New York, NY -- (SBWIRE) -- 03/06/2012 -- Since 2011, AT&T has been very forthcoming about their shortage on wireless spectrum. According to AT&T representatives, the company has made several measures to deal with the problem, including modifying their data plan offers and upgrading their cell-tower equipment in areas experiencing greater network congestion problems. Recently, however, The Smartphone Champ has discovered that the well-known mobile telecommunications company has chosen throttling their customers’ data services as the latest solution to their spectrum shortage problem.
The Smartphone Champ discovered the problem when they observed how data speeds on an AT&T sim card slowed down by a huge margin during calls. The team behind The Smartphone Champ conducted a series of tests to identify the source of the problem. “We wanted to know if it was being done on the device level or on the network level,” Hashim Fannin of The Smartphone Champ explained. In other words, the website team did not particularly set out to expose AT&T’s new data speed management scheme.
Fannin explained the process that led them to this discovery. He explained, “We used an international GSM unlocked Samsung Galaxy Nexus. When we put a T-Mobile sim card in the phone we got pretty good data speeds at 5.5Mbps download and 2.8Mbps upload when not on a call. When on a call, we pulled 4.7Mbps download and 1.7Mbps upload. When we tried the same thing with an AT&T sim card in the same phone and in the same location, the in-call throttling was quite ostensible.” When not on a call, the AT&T test gave the following results: 4.5Mbps and 1.1Mbps. However, on a call, the figures plunged to 1.0Mbps download and a .024Mbps or 24k upload.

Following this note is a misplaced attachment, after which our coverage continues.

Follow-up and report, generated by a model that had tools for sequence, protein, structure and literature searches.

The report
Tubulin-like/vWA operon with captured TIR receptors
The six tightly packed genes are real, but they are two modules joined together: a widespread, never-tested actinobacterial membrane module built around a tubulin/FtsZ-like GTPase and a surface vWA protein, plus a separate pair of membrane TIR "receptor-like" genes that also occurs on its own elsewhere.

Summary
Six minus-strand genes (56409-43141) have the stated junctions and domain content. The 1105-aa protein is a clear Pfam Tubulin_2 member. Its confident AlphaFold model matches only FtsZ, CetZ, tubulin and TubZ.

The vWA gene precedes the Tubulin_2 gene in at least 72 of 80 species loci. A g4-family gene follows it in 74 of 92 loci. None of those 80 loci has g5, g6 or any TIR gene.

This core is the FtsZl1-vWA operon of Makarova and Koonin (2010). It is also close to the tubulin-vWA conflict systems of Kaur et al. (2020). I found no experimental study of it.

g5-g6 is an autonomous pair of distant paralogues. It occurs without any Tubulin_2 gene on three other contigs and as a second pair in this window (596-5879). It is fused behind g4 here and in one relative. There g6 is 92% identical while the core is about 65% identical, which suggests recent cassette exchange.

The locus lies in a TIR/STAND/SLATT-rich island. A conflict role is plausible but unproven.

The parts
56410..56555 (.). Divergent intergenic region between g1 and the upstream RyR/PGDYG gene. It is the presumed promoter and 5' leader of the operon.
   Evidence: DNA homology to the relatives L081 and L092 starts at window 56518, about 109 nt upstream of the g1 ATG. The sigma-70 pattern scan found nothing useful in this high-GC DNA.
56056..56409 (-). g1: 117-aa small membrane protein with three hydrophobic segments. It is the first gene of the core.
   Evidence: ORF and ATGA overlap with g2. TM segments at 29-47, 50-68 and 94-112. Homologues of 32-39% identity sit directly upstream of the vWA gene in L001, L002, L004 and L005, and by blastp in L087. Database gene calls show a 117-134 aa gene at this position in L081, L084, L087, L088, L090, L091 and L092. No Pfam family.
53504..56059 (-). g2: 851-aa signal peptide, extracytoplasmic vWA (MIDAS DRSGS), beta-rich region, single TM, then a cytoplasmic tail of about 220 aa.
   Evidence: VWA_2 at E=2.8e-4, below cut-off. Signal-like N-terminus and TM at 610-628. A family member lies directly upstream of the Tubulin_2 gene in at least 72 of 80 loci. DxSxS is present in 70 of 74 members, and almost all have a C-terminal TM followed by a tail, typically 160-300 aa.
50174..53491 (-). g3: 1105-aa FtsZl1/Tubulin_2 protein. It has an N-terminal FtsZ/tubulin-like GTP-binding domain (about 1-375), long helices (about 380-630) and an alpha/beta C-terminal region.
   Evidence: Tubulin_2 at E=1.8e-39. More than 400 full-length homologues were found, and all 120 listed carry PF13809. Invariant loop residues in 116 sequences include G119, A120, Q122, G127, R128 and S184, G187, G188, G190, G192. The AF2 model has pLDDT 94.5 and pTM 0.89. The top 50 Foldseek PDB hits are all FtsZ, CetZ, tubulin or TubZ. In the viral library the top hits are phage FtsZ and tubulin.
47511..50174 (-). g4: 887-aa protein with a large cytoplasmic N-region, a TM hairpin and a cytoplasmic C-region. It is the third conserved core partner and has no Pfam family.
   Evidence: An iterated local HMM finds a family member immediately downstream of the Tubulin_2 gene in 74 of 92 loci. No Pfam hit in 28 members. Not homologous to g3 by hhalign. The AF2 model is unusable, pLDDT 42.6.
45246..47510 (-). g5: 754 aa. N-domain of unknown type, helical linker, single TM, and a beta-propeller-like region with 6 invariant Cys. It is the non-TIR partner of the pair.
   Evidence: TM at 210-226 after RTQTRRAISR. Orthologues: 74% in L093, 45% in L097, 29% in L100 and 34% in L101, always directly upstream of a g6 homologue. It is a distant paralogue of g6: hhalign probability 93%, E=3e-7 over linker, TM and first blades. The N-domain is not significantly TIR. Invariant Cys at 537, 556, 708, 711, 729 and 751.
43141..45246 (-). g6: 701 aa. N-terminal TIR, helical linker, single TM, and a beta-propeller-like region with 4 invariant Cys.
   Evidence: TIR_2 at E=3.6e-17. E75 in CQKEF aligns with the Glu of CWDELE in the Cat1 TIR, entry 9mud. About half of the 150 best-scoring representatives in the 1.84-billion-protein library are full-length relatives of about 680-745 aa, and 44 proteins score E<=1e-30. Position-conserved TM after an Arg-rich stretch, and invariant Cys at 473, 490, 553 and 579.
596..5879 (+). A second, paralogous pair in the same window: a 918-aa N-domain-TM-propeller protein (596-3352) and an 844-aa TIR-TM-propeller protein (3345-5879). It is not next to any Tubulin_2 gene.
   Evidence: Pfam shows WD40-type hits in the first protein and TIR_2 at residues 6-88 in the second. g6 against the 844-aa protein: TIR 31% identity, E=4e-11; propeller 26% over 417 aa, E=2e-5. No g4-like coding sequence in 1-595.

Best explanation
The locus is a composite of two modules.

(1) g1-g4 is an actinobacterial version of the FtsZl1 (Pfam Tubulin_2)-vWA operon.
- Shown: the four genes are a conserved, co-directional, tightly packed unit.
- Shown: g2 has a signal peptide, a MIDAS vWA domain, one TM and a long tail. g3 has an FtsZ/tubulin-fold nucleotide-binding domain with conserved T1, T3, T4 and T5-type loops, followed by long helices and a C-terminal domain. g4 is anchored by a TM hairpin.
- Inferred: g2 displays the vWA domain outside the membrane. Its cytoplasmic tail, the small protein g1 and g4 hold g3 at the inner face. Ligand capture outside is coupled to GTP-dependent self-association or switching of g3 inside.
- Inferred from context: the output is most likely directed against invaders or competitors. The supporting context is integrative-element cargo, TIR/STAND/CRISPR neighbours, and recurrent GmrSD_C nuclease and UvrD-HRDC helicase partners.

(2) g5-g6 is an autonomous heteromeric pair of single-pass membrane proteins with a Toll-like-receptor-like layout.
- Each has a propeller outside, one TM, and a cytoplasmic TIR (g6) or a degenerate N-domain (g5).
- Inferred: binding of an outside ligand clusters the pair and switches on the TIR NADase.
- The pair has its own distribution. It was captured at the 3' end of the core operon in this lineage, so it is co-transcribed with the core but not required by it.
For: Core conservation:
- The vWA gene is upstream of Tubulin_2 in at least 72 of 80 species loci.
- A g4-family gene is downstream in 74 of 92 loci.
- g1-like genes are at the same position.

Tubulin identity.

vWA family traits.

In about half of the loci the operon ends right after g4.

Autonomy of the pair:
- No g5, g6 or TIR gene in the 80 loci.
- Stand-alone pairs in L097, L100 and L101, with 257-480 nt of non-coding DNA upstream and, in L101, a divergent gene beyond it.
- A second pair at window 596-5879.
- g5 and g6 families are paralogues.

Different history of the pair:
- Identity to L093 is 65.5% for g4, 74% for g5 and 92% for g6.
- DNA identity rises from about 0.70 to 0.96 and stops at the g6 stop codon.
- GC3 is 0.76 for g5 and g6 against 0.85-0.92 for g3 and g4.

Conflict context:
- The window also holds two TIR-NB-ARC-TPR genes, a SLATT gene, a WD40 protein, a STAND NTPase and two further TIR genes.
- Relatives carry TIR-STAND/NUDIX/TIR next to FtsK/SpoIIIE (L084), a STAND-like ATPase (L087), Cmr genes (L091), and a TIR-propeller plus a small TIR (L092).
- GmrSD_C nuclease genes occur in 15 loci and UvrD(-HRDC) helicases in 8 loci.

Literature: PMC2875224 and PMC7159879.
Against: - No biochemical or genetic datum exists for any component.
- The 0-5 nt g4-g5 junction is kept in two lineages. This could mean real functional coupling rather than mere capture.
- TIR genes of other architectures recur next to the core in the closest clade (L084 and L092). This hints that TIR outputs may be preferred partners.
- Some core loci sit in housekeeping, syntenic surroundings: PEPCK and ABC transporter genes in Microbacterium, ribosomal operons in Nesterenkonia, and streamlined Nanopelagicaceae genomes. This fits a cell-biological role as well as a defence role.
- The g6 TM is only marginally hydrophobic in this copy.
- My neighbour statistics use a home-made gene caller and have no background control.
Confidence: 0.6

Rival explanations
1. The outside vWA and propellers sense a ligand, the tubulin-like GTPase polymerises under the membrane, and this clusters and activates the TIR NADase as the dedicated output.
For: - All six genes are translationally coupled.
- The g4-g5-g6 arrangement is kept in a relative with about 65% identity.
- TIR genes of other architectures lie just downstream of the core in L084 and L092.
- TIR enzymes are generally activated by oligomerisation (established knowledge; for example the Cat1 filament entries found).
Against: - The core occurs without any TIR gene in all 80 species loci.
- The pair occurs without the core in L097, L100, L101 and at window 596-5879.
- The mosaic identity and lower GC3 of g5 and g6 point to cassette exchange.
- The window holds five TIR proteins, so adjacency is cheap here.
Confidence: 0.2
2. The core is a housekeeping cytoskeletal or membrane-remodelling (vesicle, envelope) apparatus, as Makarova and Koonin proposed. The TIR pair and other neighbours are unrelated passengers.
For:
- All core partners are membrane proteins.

To confirm these results, Fannin said that they “repeated this same test in several different high-signal locations” and that they got the same results in every test. They also began conducting the same test using different AT&T devices to see if the throttling was only limited to certain devices. The devices they used include the Samsung Galaxy Note, the Motorola Atrix series, the Apple iPhone 4 and iPhone 4S, the Samsung Galaxy S2, and the Samsung Galaxy S2 SkyRocket, among others. They also tried the test with different sim cards for different AT&T accounts. “We still always wound up with the same results: in-call throttling.”
Fannin concluded, “We found the device you use does not matter since the throttling is being done at the network level.”
Data speeds normally decrease when the user is on a phone call, as can be seen in the test using a T-Mobile sim card. However, what makes this problem a major blow to AT&T is that 24k of data speed is virtually unusable. “To put it in perspective, dial-up Internet has a 56k connection,” Fannin compared.
What this really means to AT&T subscribers is that while on a call, they will not be able to enjoy or even use their data network connection.
If a subscriber is trying to download an app while on a call or surfing the web, they will be faced with extremely low speeds. Worst of all, uploading a photo to a social network website will be impossible if the user is on a call.
Thus, AT&T may owe their smartphone subscribers some explanation.
About The Smartphone Champ
The Smartphone Champ is a trusted website that provides up-to-date information on smartphones. The website has recorded their series of tests on AT&T’s in-call throttling on video. More details on this matter can be found at www.thesmartphonechamp.com. For more information, you may contact Hashim Fannin at 404-923-0007 or thru e-mail at firstname.lastname@example.org.